Movie Time With Melissa Coker
She’ll bring the flicks. You provide the popcorn.
Tavi doing her thang in one of the Wren films.
Though Melissa Coker puts together lookbooks for her sweetly fresh line Wren, she’s also gotten into the habit of collaborating with ridiculously buzzy and stylish directors and actresses—Karen Elson! Julia Restoin Roitfeld! Gia Coppola!— to create short films that bring her clothes to life. “It’s a dynamic way to tell the story of the brand. You can really tell a story in a way that a rack of clothes could never,” she explains. Press play on two of Melissa’s most recent movies and get the lowdown on the women who made them. —alisha prakash
BEWARE OF YOUNG GIRLS, Fall 2012
The Story: “Sarah Sophie Flicker came up with this concept. There was this Dory Previn song—“Beware of Young Girls”—that was written about Mia Farrow when she stole Woody Allen from her. She wrote this full album that’s amazing and twisted and crazy. Sarah Sophie’s uncle knew Dory Previn, who once sang the song at the dinner table when Sarah Sophie was a young child, so she thought it would be super-cool to use. We also decided that we wanted to do something with Tavi Gevinson. She was cast beforehand and the story was created around her. It’s not a super dance-y film. It’s folksy and dark—which I think brings a nice edge to it.”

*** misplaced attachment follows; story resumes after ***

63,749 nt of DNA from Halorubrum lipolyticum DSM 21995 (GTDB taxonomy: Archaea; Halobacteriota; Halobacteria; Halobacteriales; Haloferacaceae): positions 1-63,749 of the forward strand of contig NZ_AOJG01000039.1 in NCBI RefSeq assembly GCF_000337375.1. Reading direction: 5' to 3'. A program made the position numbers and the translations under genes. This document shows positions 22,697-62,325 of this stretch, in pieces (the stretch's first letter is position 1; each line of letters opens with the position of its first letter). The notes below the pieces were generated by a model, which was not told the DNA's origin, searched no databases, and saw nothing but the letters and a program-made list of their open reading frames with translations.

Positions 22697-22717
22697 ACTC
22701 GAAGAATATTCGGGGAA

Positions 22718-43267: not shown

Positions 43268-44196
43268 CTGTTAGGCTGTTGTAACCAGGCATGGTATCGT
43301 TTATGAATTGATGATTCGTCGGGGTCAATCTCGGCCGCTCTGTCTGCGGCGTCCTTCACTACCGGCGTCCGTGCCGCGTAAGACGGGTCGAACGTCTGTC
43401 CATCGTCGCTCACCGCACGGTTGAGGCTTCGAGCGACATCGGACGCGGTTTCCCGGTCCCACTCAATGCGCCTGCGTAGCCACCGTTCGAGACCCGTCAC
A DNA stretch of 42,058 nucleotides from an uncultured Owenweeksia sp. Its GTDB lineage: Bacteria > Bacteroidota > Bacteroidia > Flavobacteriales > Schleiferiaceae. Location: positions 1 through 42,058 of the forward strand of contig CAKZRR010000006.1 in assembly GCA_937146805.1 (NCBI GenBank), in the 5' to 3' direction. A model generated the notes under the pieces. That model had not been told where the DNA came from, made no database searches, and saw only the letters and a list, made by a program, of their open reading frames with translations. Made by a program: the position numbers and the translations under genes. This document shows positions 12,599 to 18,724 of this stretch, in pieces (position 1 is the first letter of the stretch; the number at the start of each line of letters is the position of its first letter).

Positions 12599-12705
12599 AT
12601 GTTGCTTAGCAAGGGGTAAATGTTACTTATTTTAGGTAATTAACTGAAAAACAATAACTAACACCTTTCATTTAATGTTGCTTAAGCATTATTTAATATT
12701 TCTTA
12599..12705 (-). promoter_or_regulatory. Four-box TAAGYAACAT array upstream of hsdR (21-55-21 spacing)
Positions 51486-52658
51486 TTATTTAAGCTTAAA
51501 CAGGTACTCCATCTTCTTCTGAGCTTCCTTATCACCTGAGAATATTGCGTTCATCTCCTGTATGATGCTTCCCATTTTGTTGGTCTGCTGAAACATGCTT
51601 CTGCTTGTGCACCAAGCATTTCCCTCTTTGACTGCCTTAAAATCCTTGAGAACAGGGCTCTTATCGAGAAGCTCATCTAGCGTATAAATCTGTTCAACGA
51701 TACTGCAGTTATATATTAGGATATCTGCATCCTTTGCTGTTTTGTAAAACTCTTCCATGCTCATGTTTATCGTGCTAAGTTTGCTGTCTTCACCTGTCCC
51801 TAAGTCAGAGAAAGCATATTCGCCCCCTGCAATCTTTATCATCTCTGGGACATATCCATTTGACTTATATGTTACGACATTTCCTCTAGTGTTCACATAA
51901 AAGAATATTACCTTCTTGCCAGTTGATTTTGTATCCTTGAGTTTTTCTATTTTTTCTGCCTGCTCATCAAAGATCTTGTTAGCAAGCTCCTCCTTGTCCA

The Girls: “I reached out Maximilla Lukacs, the director, and Sarah Sophie Flicker was someone that we had worked with before. I really like her aesthetic—I’ve known her personally for a long time. I just like that idea of collaborating with these different groups of females. The styling was done by Leith Clark, who’s the editor of Lula magazine. It’s sixties-inspired, which is the direction Tavi’s personal style is taking at the moment.”
WHAT’S UP?, Spring 2012
The Story: “There was something called Carmageddon, where a freeway was going to close down, and everyone was losing their minds because they thought they were going to be trapped in their houses. It was shot that weekend and was inspired by it—you’re trapped in your home, and you’re bored. It’s a spring film—very California, sunlight, and lazy days.”
The Girls: “Leith worked on this one as well. I had seen some films Gia Coppola, the director, had made, and I thought she was really great and had a quirky aesthetic that is very Wren. She wrote the story and then cast a family friend to be in it.”